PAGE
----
Piñon Canyon Maneuver Site

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The Piñon Canyon Maneuver Site (also Pinon and Pinyon) is a 235,896 acre (955 km2) U.S. Army base in southeastern Colorado. The Piñon Canyon Maneuver Site (PCMS) is a training site for Fort Carson. The proposed expansion of PCMS by the army has encountered opposition from local citizens and conservation groups.

Setting[edit]

PCMS is located northeast of Trinidad, Colorado, and is part of Las Animas County, Colorado. It borders on Comanche National Grassland to its north. The Purgatoire River, locally known as the Picketwire, is its eastern boundary. Elevations on Site range from 4,300 to 5,800 feet (1,311 to 1,768 mts.) The Site has a semi-arid, steppe climate. Annual precipitation is 12 to 16 inches (305–406 mm). The terrain of PCMS is flat to rolling and dotted with small, rocky hills and mesas. The Purgatoire River flows in a 300–400 feet deep canyon and its tributaries have cut steep arroyos into the terrain. Vegetation is mostly shortgrass prairie mixed with pinyon and juniper trees.[1]

Picketwire Canyon on the Purgatoire River. The Purgatoire River is the eastern boundary of the PCMS.

Prior to the creation of PCMS this area was lightly populated and devoted almost entirely to ranching and livestock grazing. A branch of the Santa Fe Trail runs near PCMS and ancient Indian rock art and petroglyphs are common in the rocky canyons. Pronghorn, Elk, and Mule Deer are the principal large mammals found in the area.

History, mission, and facilities[edit]

The Army purchased the land making up PCMS in 1983. Eminent domain was used to acquire almost half the area as many land owners were unwilling sellers.[2] The purpose of PCMS is “to provide critical maneuver lands” for soldiers from Fort Carson and other military bases.[3] PCMS and Fort Carson are second only to Fort Irwin, California in area devoted to maneuver training. In the words of the Army, “PCMS can accommodate a full range of maneuver training, including brigade-level, force-on-force maneuvers.” Facilities on the site include a cantonment area, a railhead, helipads, and an airstrip.[4] PCMS “hosts two major military exercises a year. In each exercise roughly 5,000 troops, 300 heavy tracked vehicles and 400 wheeled vehicles take to the expansive wilderness in month-long, intensive war maneuver exercises."[5]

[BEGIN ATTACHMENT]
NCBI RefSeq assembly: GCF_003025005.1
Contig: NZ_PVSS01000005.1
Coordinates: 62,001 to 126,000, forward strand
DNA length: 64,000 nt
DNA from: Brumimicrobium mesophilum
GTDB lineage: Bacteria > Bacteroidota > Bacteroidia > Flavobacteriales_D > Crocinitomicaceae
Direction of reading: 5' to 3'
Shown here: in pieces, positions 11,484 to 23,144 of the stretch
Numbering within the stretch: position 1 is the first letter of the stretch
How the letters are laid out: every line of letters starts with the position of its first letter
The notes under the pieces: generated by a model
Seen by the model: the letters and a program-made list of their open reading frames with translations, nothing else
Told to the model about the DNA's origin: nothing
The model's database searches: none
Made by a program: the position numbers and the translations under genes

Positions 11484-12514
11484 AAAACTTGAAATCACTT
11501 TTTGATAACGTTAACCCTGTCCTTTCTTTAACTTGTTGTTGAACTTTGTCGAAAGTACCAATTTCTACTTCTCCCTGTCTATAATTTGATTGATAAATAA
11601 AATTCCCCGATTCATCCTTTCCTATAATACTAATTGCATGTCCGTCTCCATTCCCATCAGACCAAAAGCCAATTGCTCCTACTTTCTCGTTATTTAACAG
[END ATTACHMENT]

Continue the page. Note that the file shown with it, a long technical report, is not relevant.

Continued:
Environmental protection[edit]

The Army has stated that a “unique” feature of PCMS is the emphasis on protecting the environment of the lands under its ownership.[4] The steppe grassland is fragile; the ruts of wagons traveling the Santa Fe Trail are still visible in many places more that 130 years since the last wagon traveled the trail. In 1988, The National Wildlife Federation recognized PCMS for its “outstanding contribution to the wise use and management of the Nation’s natural resources."[5] In 1991, the Army transferred 16,000 acres (65 km2) of land in the Purgatoire River Canyon to the Comanche National Grassland for preservation and recreation. In 2002, the army concluded a cooperative agreement with The Nature Conservancy to establish Conservation easements around the Site.[6]

Cattle grazing has ceased since the Army purchase of the land and Elk and Antelope herds have increased, the latter to more than 1,300. A civilian worker at PCMS said the “land condition is neither better nor worse, just different…we’ve traded cattle trails for tank trails and Humvee trails.”[7]